Names in this site follow the Japanese custom of family name first.

July 13, 2011

Japan Travel: Nihonmatsu Youth Corps

Everyone in Japan knows the sad story of the Byakkotai, the White Tiger Youth Corps of Aizu-Wakamatsu: during the Boshin War (1868) twenty teenagers of this unit stationed on Iimori Hill mistakenly thought the castle had fallen when they saw smoke rising up from the ramparts and therefore committed suicide (seppuku). A case of too hasty and wasteful loyalty.


[Statues of Nihonmatsu Youth Corps in front of
Nihonmatsu Castle]

The Nihonmatsu Youth Corps did not commit suicide by mistake, but actually perished in battle in the same war. Like Aizu-Wakamatsu, Nihonmatsu was a fief, led by the Niwa clan, that was loyal to the Tokugawa family. It was also a bastion of Confucian ideals and Bushido.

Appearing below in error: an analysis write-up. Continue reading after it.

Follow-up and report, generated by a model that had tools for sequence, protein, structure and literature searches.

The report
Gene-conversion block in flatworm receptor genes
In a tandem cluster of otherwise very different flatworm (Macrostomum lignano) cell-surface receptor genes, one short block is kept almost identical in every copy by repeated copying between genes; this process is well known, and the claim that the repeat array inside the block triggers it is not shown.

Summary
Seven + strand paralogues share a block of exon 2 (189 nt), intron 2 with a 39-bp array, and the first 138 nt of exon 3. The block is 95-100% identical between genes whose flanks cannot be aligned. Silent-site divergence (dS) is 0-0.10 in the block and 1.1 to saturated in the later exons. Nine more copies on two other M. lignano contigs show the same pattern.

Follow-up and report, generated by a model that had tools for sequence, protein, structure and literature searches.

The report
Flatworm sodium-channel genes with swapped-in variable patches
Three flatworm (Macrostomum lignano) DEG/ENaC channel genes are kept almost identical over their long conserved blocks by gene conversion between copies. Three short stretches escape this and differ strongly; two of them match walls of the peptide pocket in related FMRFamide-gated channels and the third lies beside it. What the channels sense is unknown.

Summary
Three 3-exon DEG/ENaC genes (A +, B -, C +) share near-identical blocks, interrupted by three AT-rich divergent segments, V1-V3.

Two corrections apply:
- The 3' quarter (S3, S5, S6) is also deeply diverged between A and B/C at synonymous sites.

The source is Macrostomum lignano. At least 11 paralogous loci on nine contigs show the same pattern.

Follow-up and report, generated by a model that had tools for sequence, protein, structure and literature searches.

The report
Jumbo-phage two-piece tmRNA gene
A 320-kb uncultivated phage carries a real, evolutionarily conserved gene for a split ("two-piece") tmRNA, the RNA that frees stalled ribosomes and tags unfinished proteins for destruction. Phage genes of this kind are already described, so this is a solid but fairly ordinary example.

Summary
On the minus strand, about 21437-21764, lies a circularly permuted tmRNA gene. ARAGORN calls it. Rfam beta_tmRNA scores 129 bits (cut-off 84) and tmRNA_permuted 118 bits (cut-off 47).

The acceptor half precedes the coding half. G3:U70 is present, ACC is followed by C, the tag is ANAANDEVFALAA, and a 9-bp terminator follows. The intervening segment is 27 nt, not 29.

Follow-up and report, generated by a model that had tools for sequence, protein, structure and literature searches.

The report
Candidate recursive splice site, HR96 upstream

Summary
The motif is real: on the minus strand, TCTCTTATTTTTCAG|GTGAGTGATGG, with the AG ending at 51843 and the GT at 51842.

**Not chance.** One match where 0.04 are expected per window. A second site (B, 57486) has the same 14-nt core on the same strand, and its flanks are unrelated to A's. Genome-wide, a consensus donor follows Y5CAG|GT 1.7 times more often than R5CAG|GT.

[Minowamon gate of Nihonmatsu Castle (Kasumigajo), after which one of Daishichi's most popular junmai daiginjo sakes is named]

The Youth Corps was led by Kimura Jutaro who had studied in Edo. Interestingly, the corps possessed a Western cannon unit. Ages of the boys were between 12 and 17 - those of 12 and 13 had in fact lied about their real age.


[Graves of the Youth Corps in Dairinji, Nihonmatsu]

In the fierce Battle of Odanguchi, at the western entrance to the castle town, 16 out of 20 teenagers were struck down by the forces of the Meiji government. They now rest in Dairinji, the family temple of the Niwa clan. There are always fresh flowers at the monument near their graves.